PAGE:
Photos: Inside Boeing's 787-9 test aircraft

By David Flynn, January 9 2014
Photos: Inside Boeing's 787-9 test aircraft

Step inside Boeing’s 787-9 Dreamliner ZB002 on this exclusive tour of what is only the world’s second stretched Dreamliner before large-scale production begins ahead of its debut in July with worldwide launch customer Air New Zealand

Long before any new commercial aircraft takes to the skies with paying passengers on board, manufacturers such as Airbus and Boeing carry out an exhaustive series of flight tests with specially-build aircraft.

The Boeing Dreamliner 787-9 which carries the ZB002 model number is part of that process for this larger, longer-range version of the original 787-8 Dreamliner.

The second of three 787-9s dedicated to the new plane’s test program, ZB002 last week flew non-stop from Seattle to Auckland – marking the 787-9’s longest flight, at just under 14 hours – and is now ZB002 visiting Alice Springs, in the centre of Australia, to undergo extensive heat testing under the sizzling summer sun.

Read: Boeing 787-9 begins heat stress tests in Australian outback

So what’s it like inside of of these special test aircraft?

Boeing invited Australian Business Traveller to tour ZB002 during its short sojourn in Auckland and we’re pleased to bring you these exclusive photos taken by our New Zealand contributor Nick Young who accompanied AusBT on the day.

If you’re already familiar with the Dreamliner via the original 787-8 series, the first thing that strikes you when you get up close to the 787-9 is that it somehow looks right. 

It’s not the size per se – it’s only 6 metres (20 feet) longer than the -8, which allows room for up to 40 more seats.

It’s about the plane’s proportion, and how that extra length seems perfectly matched to the Dreamliner’s tall proud tail, sharply sculptured wings and and overall sense of scale.

Speaking of those wings, they’re still a sight.

And strapped to these wings are the two Rolls-Royce Trent 1000 engines which will drive Air New Zealand’s Dreamliner.

Engineers from Rolls-Royce are part of the hand-picked crew aboard ZB002, and among its racks of test equipment are custom-built monitoring systems to chart every aspect of the engines’ performance.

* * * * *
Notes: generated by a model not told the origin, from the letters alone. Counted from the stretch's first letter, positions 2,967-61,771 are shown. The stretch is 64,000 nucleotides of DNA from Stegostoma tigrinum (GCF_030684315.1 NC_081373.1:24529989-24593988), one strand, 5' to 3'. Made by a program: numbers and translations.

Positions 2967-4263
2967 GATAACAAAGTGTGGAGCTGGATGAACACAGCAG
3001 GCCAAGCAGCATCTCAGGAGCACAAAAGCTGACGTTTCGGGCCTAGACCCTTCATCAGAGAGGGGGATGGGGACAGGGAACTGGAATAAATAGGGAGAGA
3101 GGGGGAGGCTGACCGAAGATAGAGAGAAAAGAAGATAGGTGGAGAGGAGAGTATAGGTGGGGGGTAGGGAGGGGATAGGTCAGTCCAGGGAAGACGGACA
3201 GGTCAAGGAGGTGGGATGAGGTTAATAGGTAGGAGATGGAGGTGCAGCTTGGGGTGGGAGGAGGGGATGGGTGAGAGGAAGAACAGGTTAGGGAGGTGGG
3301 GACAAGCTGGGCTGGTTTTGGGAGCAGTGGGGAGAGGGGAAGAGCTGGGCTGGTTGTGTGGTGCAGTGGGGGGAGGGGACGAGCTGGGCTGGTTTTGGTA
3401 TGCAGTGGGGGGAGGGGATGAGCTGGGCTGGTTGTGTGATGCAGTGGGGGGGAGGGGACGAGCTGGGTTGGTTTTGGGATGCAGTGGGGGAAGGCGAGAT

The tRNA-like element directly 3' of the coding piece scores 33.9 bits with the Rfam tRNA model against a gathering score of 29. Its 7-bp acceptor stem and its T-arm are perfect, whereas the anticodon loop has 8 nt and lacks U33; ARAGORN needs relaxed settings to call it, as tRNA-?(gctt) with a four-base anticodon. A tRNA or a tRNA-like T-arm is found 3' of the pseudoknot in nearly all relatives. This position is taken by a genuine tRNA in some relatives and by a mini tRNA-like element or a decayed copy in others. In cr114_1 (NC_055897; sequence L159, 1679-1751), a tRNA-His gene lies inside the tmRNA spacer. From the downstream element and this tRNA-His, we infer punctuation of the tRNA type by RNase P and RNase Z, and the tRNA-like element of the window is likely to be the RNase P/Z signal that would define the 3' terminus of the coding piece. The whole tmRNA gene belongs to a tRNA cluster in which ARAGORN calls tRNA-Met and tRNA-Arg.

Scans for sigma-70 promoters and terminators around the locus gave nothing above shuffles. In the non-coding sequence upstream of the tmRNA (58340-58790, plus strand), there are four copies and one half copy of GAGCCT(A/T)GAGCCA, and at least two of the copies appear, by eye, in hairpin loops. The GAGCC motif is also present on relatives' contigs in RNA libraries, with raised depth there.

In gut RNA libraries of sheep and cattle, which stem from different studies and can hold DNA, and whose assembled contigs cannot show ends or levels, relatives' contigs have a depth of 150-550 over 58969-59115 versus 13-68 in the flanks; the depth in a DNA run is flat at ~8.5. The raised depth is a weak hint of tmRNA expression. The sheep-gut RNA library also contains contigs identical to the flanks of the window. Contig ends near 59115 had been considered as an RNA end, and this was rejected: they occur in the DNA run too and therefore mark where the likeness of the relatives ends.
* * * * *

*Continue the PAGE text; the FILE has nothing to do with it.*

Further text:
While we’re still outside the plane, note the registration number on the tail – 789 is industry shorthand for the Boeing 787-9 while FT of course stands for Flight Test.

The entry to ZB002 is the same as all other Dreamliners, at least in the ‘basic Boeing’ state without any customisation from airlines (which can include relocating the galley and dressing up the entry with a bar).

The curved ceiling panels with its carved recesses and blue LED lighting conveys that same sense of space.

More subtly, it communicates the Dreamliner’s modern design – that there’s something different about this aircraft, compared to the planes you’re used to flying in.

At this point in most planes, turning left takes you into the premium cabin of business class or even first class.

Not so in Boeing’s 787-9 test aircraft. 

On ZB002, every seat is an economy seat – they’re fairly comfortable, but are undeniably intended for shorter runs around the US rather than the trek from Seattle to New Zealand and Australia.

Naturally, these will be replaced with Air New Zealand’s mix of business class, premium economy and economy seats when this aircraft is eventually refurbished and handed on to the Kiwi carrier late next year.

Photos, video: Air New Zealand's Boeing 787-9 Dreamliner seats

There’s not even any inflight entertainment: the screens and controllers you see on the back of each seat are non-working dummies, as these seats are effectively ‘factory demo’ models from one of Boeing’s approved seat suppliers for the Dreamliner.

Boeing has fitted 90 seats to this 787-9, and on the Dreamliner’s journey ‘down under’ it carried a full complement of engineers and support crew from Boeing.

You’d think that a plane conservatively designed to seat up to 300 passengers would allow plenty of legroom between the seats.

Not so: it’s not much more than a standard economy layout.

Row 1 offers a bit of extra room to stretch out, if it wasn't for that life raft.

There’s also no view, with the window being replaced by a solid panel onto which exterior test gear is mounted (you can see the equipment protruding from the first window in the space below).

Of course, the best view is from these seats…

The Dreamliner’s state of the art flight deck includes two digital ‘heads-up displays’ (HUDs) which show the most vital information while pilots can keep looking outside and ahead rather than having to continually glance down at the instruments.

Like the 787-8, the -9 also sports touchscreen ‘electronic flight bags’ which replace the reams and kilograms of paper usually carried in the cockpit.